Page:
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I recently posted this comment on a question in StackOverflow:

This is my personal opinion, but I think that this is an advanced enough topic that anyone looking for a reusable solution to cache optimization for dynamic graphs would benefit more greatly by tailoring a concrete code snippet to their particular use-case than by implementing a general explanation of the solution from scratch. (Emphasis added)

Initially I wanted to use the word "verbal" in the bolded section to imply there was no explicit code in the answer, but I realized that "verbal" implies spoken, not written.

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    I'm leaning more towards the connotation that "description-only" gives, because an answer could have pseudo-code in it without getting too technical. – Patrick Roberts Jan 29 '16 at 19:55
  • .., but anything that explains the objective could be considered pseudo-code. – AmI Jan 29 '16 at 20:12
  • What bolded section? – Lambie Jan 29 '16 at 20:18
  • @AmI this answer explains the objective without any pseudo-code. (The comment I quoted is actually below the question there). – Patrick Roberts Jan 29 '16 at 20:19
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    Something like narrative or exposition, I suppose. – jxh Jan 29 '16 at 20:32
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...than by implementing the overview of the solution from scratch.

This assumes that someone posted a high-level explanation of an existing algorithm or solution, and you are suggesting an actual implementation?

edit: misread question at first.

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  • Yes I am suggesting exactly that. Great word! – Patrick Roberts Jan 29 '16 at 20:57
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You may say that "the concrete code snippet speaks better than a thousand words"

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  • That's not at all what I'm asking. Can you please suggest a single word that can replace the phrase "general explanation of the" in my original quote? – Patrick Roberts Jan 29 '16 at 20:47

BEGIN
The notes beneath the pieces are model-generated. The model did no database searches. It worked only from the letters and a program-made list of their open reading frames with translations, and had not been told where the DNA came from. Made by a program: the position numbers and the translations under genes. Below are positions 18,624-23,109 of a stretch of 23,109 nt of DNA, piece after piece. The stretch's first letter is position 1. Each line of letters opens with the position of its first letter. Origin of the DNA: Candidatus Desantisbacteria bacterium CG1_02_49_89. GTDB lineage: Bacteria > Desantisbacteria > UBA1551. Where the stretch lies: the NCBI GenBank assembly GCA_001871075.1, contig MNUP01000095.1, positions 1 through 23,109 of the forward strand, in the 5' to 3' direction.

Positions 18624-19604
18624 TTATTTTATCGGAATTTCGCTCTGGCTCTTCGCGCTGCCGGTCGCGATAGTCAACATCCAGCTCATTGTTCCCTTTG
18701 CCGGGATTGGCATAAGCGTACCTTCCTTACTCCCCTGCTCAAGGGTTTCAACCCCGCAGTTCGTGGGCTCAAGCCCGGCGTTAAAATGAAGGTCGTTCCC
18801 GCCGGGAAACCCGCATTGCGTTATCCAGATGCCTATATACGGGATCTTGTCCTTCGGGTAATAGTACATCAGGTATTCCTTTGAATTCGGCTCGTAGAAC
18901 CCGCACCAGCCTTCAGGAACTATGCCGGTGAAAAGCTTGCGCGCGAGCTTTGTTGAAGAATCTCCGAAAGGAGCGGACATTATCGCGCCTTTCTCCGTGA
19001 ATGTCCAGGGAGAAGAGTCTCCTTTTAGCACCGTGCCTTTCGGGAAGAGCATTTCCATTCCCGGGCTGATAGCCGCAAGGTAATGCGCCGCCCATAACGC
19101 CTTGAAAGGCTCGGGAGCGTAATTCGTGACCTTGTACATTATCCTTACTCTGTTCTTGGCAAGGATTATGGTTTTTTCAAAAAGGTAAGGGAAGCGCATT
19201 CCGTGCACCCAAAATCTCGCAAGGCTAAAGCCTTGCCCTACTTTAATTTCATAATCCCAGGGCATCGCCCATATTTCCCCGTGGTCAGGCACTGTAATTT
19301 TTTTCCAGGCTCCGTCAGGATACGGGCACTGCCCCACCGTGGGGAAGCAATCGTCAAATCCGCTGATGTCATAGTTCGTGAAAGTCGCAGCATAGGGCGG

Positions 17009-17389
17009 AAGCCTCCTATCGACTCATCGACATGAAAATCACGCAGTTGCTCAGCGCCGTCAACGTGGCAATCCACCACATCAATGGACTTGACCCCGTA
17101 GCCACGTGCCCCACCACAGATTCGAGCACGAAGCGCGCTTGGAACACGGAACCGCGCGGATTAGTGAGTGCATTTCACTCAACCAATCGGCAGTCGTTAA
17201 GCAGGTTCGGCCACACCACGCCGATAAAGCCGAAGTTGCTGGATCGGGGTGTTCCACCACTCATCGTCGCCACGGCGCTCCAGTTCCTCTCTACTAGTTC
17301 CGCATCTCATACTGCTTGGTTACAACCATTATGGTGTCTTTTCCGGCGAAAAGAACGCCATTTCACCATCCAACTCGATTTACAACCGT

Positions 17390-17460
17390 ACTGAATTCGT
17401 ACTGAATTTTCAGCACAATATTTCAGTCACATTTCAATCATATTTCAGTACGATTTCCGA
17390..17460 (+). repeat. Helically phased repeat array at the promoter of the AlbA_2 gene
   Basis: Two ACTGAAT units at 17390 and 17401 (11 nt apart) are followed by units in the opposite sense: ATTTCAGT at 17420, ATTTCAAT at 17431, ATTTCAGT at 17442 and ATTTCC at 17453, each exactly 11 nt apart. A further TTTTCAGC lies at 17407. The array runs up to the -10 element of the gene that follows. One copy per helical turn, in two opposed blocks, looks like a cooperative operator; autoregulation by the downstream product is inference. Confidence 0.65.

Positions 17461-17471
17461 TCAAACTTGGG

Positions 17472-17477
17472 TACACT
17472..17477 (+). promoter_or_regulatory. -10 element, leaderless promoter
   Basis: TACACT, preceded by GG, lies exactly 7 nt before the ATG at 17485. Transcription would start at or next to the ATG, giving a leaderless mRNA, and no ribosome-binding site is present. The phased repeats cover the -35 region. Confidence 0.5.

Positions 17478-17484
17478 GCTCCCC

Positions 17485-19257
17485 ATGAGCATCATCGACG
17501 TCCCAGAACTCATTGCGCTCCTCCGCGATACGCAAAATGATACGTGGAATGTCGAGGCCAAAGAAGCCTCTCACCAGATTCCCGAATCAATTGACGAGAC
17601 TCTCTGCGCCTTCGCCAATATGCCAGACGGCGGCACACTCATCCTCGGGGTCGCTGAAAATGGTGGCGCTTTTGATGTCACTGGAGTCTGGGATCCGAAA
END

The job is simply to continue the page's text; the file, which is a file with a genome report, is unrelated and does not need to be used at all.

• @PatrickRoberts - Consider presentation or rundown/synopsis (for an overview). – Graffito Jan 29 '16 at 22:59
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I think the problem is that you want to use the word solution. If you are willing to let go of that word, you can use design document or specification to make your point.

... than by implementing a specification from scratch.

In terms of a single word replacement for the phrase general explanation of the that gives a more written connotation than the word verbal, I have to say that verbal seems a very good choice to me. Alternatives that came to my mind were narrative or exposited (the latter has a less spoken connotation than the former).

... than by implementing an exposited solution from scratch.

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This is my personal opinion, but I think this topic is advanced enough so anyone looking for a solution to cache optimization for dynamic graphs would benefit more from tailoring a code snippet to their particular use-case ** than** from creating a generic solution from scratch. //If you create a snippet of code, it is "concrete". No need to say it.

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  • Okay, I agree with the comment about "concrete", but I feel that the part I focused on still needs a descriptor to really explain what I meant by a non-code solution. – Patrick Roberts Jan 29 '16 at 20:41
  • solutions exist, if you create a new solution, in the software world, you are creating a new version of the solution. The structure of your sentence was not right. New solution from scratch says it all. – Lambie Jan 29 '16 at 22:08
  • a generic solution – Lambie Jan 29 '16 at 22:11

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